Master’s Degree Program
Neuroscience is the study of the structure and function of the nervous system. The overall objective of the Department of Neuroscience Master’s Degree program is to provide additional laboratory research and academic training to students who have completed an undergraduate major in neuroscience or a closely related scientific area, and wish to extend their studies before moving on to other post-graduate training or professional employment. Areas of concentration include neuroplasticity, synaptic transmission, homeostatic regulatory systems, biological bases of neuropsychiatric disorders, cognitive neuroscience, and developmental neuroscience.
Students are admitted based on evidence of intellectual talent, a strong interest in neuroscience, and a commitment to scholarship and research. The department can accommodate up to six new master’s degree students each year. All applicants must be sponsored by a Department of Neuroscience faculty (or affiliated faculty) member before submitting their application. Faculty who are eligible to sponsor a master’s degree student include:
Faculty: Barrionuevo, Card, Colby, Grace, Johnson, Meriney, Moghaddam, Rinaman, Sesack, Sved, Cohen, Dong, Oswald, and Schluter
Affiliated Faculty: (Adjunct faculty and those with primary appointments in other areas) DeFranco (Pharmacology), Fiez (Psychology), Lewis (Psychiatry), Olson (Adjunct), Urban (Adjunct), Yates (Otolaryngology), Barth (Adjunct), Gandhi (Otolaryngology), Hastings (Neurology),and Lee (Adjunct), Wagner (Physical Medicine & Rehabilitation).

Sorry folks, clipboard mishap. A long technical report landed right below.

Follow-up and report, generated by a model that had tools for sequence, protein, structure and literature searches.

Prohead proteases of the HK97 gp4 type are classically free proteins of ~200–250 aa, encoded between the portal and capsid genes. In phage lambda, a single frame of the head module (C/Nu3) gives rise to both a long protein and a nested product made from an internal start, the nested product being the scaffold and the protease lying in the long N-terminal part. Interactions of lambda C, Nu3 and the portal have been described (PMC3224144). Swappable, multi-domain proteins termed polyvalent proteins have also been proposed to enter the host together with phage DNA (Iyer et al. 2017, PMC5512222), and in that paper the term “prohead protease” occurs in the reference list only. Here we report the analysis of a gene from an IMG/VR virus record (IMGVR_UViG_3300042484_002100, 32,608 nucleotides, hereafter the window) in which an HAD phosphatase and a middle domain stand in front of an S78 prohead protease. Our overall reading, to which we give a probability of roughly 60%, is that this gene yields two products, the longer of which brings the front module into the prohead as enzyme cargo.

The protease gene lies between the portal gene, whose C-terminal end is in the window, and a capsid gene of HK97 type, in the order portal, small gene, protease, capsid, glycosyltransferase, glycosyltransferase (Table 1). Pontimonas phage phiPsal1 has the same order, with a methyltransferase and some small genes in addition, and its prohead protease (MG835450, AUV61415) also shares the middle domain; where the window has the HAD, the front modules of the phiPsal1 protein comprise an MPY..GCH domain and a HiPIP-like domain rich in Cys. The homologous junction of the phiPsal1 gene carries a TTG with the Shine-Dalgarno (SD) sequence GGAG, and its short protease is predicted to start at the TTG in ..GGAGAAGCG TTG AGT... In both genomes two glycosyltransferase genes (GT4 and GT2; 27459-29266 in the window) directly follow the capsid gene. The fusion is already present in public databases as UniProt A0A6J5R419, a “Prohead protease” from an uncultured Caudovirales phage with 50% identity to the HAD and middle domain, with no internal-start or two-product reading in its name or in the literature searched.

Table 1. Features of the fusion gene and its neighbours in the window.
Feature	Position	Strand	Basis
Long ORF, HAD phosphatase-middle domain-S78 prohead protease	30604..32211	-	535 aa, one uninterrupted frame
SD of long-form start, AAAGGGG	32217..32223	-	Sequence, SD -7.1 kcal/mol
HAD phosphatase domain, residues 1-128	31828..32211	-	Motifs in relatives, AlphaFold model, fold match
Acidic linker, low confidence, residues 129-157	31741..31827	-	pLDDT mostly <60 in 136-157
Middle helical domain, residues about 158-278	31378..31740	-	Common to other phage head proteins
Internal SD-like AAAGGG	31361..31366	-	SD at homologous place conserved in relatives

Decisions regarding admission to our master’s degree program consider the candidate's statement of interest and goals in the field of neuroscience, past research experience, letters of recommendation, test scores, and grades. An outstanding record in one of these areas may compensate for poorer performance in another area. In general, successful applicants have a BS degree in neuroscience or related discipline (e.g. (biology, chemistry, psychology) with a cumulative grade point average of at least 3.4 (on a 4.0 scale), and a cumulative Graduate Record Examination score of at least 160 verbal, 150 quantitative and a 4.5 in analytical writing. After an initial screening, applicants may be evaluated by a personal interview. Students are admitted on the assumption that they will be able to meet all requirements for the MS degree. The MS degree is not a prerequisite for doctoral training in neuroscience through the CNUP, nor does it guarantee admission to our doctoral training program.
Department Chair: Alan Sved, PhDDirector of Graduate Studies: Stephen Meriney, PhD